Tuesday, January 12, 2016

The Rugby Analyst - The Battle for Number 7 - Part 1

While a competent carrier, Robshaw lags behind the young gun 7s in other areas. 

In a new feature for Rugby Onslaught, guest contributor the 'The Rugby Analyst' looks at the stats behind the selections made by professional coaches. The Rugby Analyst is a professional analyst providing insight into the world of rugby analysis, supplying statistical data and visual evidence to informed fans on current topics.

The fallout from the Rugby World Cup has brought sweeping changes. Eddie Jones and his new look coaching staff have insisted there will be a clean slate with regard to selection and playing philosophy. No matter how this England team decide to play, it is clear the modern game requires a specialist “no7” who is able to contest possession. During the World Cup we witnessed that the breakdown and set piece battle dictated the outcome of the big games. Previously the English coaching team viewed the breakdown as a collective responsibility and whilst it should be, Australia, Wales and New Zealand all possess a specialist. 

2016 International rugby contains players with the highest attacking skill sets, who are only pressured when a defence takes away their time and space, this becomes an arduous task if the speed of the ball from a ruck is not controlled. The first three phases are crucial, if momentum isn’t gained initially then defending becomes a lot easier. By contesting possession you disrupt the delivery of the ball and allow the defence to organise and generate line speed whitch pressures the attack.
There are many skills required to be an international 7 however the non negotiables are;
• Outstanding workrate demonstrated through the number of carries, breakdowns hit and tackles made in a game.
• Clear decision making in attack, a 7 should be the first supporting player after a linebreak or to arrive at a breakdown. Upon arrival he must read defensive cues and choose to either; blast away any defensive threat, pass the ball away, or provide momentum through a quick pick and carry against a disorganised defence.
• Able to maintain continuity in possession through flawless technical breakdown skills.
• Ability to get over the ball and contest possession, disrupting the attack.
The challenge is to identify the correct players who can meet these demands and allow them to gain experience at international level. In part one we will highlight the four players who warrant selection based on statistics, before part two takes the best two players statistically and analyses their execution of the non negotiables.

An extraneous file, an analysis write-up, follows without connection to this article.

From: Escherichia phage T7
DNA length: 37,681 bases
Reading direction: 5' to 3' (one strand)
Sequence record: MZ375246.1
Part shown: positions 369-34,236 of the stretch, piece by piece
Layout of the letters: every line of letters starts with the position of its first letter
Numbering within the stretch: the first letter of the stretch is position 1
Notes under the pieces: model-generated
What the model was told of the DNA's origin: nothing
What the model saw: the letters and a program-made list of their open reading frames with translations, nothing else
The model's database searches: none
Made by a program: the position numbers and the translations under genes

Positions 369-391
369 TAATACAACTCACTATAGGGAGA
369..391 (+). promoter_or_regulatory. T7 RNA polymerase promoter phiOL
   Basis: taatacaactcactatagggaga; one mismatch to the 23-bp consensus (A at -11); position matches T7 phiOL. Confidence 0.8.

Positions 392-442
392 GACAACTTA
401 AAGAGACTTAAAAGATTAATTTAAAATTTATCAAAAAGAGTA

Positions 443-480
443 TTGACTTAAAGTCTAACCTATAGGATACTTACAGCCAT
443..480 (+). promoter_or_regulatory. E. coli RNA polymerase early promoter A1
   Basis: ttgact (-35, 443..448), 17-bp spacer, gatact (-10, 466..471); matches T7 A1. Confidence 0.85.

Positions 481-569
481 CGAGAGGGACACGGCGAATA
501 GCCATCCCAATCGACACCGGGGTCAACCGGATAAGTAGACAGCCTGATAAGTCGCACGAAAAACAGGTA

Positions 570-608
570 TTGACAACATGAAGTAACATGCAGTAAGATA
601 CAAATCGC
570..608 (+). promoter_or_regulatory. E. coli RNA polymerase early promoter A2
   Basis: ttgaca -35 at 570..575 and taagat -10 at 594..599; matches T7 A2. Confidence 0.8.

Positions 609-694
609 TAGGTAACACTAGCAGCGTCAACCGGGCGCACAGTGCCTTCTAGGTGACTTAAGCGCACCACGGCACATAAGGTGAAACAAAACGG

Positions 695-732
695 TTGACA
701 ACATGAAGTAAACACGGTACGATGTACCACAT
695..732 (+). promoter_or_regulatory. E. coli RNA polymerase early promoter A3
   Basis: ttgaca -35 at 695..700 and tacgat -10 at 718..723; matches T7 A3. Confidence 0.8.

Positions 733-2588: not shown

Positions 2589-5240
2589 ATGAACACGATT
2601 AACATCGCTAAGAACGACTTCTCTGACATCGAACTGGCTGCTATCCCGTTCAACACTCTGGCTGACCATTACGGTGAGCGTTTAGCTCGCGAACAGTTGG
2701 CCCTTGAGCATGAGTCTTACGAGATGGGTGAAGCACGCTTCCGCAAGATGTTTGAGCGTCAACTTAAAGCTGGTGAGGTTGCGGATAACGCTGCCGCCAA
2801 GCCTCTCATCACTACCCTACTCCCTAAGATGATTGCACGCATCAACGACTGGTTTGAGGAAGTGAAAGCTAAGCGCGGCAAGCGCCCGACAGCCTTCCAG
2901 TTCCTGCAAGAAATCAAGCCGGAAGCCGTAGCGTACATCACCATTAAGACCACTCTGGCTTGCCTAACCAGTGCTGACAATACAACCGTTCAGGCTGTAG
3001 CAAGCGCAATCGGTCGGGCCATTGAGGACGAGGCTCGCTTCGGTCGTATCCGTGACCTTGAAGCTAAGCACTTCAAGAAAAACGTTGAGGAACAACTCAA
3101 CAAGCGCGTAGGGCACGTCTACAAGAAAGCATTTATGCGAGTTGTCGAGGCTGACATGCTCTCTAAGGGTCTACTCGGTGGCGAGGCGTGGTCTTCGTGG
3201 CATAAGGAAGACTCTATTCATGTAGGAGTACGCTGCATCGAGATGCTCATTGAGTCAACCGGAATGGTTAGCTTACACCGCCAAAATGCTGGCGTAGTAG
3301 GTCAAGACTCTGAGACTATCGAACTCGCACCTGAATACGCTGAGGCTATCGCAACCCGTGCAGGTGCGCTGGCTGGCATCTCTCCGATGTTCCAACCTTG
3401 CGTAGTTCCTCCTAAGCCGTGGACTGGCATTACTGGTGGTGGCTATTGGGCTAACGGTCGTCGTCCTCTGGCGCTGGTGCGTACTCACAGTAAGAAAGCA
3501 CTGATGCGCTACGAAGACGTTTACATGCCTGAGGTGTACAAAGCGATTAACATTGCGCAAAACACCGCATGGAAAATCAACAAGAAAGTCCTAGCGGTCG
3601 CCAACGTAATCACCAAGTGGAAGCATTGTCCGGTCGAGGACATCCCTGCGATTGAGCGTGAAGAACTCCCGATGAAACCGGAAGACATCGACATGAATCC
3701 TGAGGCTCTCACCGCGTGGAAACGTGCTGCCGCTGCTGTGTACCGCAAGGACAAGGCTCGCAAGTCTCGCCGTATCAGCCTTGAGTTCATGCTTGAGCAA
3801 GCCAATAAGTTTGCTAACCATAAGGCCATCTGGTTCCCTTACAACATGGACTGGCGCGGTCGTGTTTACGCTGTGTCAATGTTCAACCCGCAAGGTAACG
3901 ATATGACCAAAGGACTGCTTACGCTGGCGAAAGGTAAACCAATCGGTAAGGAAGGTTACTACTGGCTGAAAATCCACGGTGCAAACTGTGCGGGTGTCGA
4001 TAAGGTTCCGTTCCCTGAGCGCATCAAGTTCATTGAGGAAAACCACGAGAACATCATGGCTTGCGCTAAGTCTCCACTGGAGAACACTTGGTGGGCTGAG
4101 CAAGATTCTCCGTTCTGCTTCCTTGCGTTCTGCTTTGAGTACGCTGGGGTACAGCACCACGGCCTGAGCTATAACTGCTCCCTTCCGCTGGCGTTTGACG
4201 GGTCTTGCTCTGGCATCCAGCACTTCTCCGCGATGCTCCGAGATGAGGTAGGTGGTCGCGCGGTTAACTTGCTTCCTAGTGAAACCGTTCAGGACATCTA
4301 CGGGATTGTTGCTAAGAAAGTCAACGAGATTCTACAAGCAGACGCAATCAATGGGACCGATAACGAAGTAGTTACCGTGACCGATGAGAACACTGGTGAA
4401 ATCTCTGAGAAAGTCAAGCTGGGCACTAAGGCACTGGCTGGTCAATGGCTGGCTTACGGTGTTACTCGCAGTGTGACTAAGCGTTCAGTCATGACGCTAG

Kvesic and Wallace lead the Premiership in terms of the key breakdown areas, including rucks hit, turnovers won and tackles made per minute. 

Luckily for Eddie Jones the Aviva Premiership has a plethora of young talented specialists. Statistically, three players as well as the incumbent Chris Robshaw (Harlequins) have stood out this season; Will Fraser (Saracens), Matt Kvesic (Gloucester) and Luke Wallace (Harlequins). It is worth noting that injury, inexperience and ineligibility has meant Calum Clark (Northampton), Jack Clifford (Harlequins) and Steffon Armitage (Toulon) are not included in the following analysis. Now let’s take a look at the key statistics that will allow you to identify the best performing player. In order to achieve a fair comparison, the statistics have been broken down into per minute played to account for the rotation and substitution policy of an individual team. For example initially Will Frasers 71 total tackles this season looks low in relation to Matt Kvesics 119. However Kvesic has played 522 minutes to Frasers 312, when their tackle count is calculated for every minute played this season they both make 0.228/min respectively.

No doubt after looking at these figures you will have started to reach your own conclusions on who statistically warrants selection. All four players demonstrate similar breakdowns hit per minute, a statistic that offers little insight into technique or success. Robshaw’s Turnovers Won/min are low however his Carry/min is outstanding, Jones should perhaps consider playing him at 6, something he has already eluded to whilst coaching the Brave Blossoms at the World Cup. Kvesic’s Turnovers Won/min certainly standout, while Wallace pips Kvesic for consistency throughout. Fraser although steady, may need to prove he can perform for an extended period before inclusion. Statistically the two players most suited to England’s needs are Kvesic and Wallace, with outstanding workrate and the ability to win turnovers at the breakdown.

To see how Kvesic and Wallace compare to the likes of George Smith and Steffon Armitage, and to see David Pocock's frankly FREAKISH stats you can continue to read the full article here